Sometimes small groups don’t work.  And we shouldn’t force them to work.

Sometimes they do.  But we can always, always make them better.

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12 responses to “An Introvert’s Confession Pt. 2: How To Fix The Problems In Church “Small Groups”

  1. I do agree that small groups can work as long they don’t become a clique for a certain ones. But if you have the right group leaders that shouldn’t happen.

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  2. I really love the idea of learning a language together – it’s one of my interests. (Hablo español!) But I know how challenging it is for others to pick it up the habit of learning languages if they don’t care about it. In most of my groups – it’s really difficult to balance out the dynamics. When I studied Proverbs, the oldest man in the class (85) would monopolize time trying to say something profound which I usually could not understand. That didn’t leave the rest of us very much time to talk about the sayings. I was the youngest member of the class (20) and often felt out of place.

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    • Tambien hablo español! And yes, a member of my church actually taught a Japanese-language class that was a lot of fun and brought people together. I really enjoyed it for the time that we had it.

      Ahhh, that Proverbs group sounds awkward. In that case it really does fall on the leadership to take a proactive role and even out the time – though that, too, is easier said than done without leaders who have some idea of how to go about doing that. Those kinds of age dynamics can sometimes skew quickly.

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      • Language classes just make sense – the more languages you speak to, the more you can talk about faith and religion. The best activity I had ever done was to take a Bob Ross-style painting class. It would be great to get to do that again. I wonder if there is an element of fear of things getting out of control if most smaller churches were to try something new.

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      • This makes me want to write a post on integrating language classes into church! And yes, they’re great opportunities to talk about culture too. That Bob Ross-style class sounds like the most soothing thing on the planet. Yes, there is an element of fear and I think uncertainty – a language class doesn’t fit easily into a “box” in terms of measurable goals – plus there is probably also concern about resources in smaller congregations.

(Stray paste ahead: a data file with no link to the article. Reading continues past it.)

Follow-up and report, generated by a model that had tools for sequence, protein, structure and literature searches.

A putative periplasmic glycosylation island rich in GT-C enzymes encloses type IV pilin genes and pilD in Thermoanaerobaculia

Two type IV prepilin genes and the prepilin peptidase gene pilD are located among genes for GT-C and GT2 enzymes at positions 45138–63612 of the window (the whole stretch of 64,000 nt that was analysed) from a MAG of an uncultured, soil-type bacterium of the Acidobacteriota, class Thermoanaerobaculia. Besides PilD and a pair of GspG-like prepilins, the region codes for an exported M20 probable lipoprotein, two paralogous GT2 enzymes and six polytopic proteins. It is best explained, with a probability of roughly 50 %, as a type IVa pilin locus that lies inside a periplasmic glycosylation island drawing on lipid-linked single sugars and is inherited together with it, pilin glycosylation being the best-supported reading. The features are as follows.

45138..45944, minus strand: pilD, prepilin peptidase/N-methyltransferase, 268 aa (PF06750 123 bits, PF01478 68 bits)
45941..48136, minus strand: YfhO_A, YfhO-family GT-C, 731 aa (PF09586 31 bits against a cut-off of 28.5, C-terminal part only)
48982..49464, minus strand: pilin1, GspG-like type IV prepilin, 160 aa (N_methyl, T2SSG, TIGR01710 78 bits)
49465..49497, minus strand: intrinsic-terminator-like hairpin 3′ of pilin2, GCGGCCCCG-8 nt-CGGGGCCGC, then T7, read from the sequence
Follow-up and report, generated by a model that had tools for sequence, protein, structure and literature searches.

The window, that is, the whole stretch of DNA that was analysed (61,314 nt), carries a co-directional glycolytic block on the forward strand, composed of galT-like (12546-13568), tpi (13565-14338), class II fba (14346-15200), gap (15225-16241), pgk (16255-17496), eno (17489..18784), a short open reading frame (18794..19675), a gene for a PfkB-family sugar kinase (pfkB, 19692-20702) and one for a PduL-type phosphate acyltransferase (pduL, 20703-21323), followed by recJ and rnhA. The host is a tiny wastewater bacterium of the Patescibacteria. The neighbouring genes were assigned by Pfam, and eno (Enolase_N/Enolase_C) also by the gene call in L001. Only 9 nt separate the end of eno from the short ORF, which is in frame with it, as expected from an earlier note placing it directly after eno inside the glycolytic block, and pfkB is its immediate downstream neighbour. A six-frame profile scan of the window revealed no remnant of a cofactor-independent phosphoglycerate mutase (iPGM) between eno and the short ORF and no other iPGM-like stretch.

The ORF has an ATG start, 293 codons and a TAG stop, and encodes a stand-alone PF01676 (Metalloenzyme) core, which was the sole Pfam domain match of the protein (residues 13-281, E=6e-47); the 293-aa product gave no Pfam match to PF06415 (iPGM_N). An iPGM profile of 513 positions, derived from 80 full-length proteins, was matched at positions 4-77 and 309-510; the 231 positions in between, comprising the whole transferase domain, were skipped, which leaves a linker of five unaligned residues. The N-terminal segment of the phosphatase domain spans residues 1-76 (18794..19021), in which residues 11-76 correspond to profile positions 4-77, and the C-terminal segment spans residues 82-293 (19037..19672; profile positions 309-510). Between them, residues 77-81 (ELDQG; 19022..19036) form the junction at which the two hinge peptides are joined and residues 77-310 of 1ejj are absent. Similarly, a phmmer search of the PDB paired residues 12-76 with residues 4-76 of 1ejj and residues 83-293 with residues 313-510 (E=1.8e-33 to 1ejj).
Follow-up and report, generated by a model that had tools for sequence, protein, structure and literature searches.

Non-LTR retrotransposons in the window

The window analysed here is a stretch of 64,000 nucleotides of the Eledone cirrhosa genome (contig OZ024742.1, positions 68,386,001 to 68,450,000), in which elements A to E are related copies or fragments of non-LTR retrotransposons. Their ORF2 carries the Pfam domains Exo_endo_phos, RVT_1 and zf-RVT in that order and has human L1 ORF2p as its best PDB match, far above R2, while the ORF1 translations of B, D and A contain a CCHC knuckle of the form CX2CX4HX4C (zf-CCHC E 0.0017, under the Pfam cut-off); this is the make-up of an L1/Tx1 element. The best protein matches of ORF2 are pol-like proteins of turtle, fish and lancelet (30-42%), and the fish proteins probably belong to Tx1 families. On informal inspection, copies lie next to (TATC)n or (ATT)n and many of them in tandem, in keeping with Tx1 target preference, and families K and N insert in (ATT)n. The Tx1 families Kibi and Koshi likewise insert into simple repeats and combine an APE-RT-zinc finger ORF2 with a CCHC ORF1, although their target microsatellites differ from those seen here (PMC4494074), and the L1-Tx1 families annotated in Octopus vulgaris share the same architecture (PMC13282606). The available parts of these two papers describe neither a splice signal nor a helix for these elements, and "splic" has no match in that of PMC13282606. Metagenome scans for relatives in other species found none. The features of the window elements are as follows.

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      • I hope you do! There was one church in my area that temporarily started a Spanish service, but it hasn’t been mentioned in such a long time I think they ended it because of lack of attendance. It’s weird because they segregate out people by language, which segregated people out by race. I know of a Korean church and a Chinese church very far away, but we don’t really integrate with difference people in our communities partially because of the language barrier. I was reading up on Sign Language earlier today and read that there was a community where deafness was so prevalent, that even hearing people learned sign language so that the deaf people would never be at a disadvantage. They signed behind the back of teachers at school, from one side of a farmers field to another, and even during church sermons. Of the two, learning languages seemed more godly than accepting an unintentional segregation of the community because of the language barrier.

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      • I am drafting it as we speak!

        And yeah, I’ve been at churches that had Chinese services, but we literally never were able to interact with the Chinese congregation in any way, which seems sad to me. That story about the community learning Sign is fantastic. Sometimes even just the effort to learn a language can mean so much – whether you stumble through or attain full fluency, it’s a really wonderful way to reach out to people and to show you care! And certainly it is also, as you put it, a godly act.

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  3. Pingback: An Introvert’s Confession: I Don’t Like The “Small Groups” Church Trend | Samaritan's Song·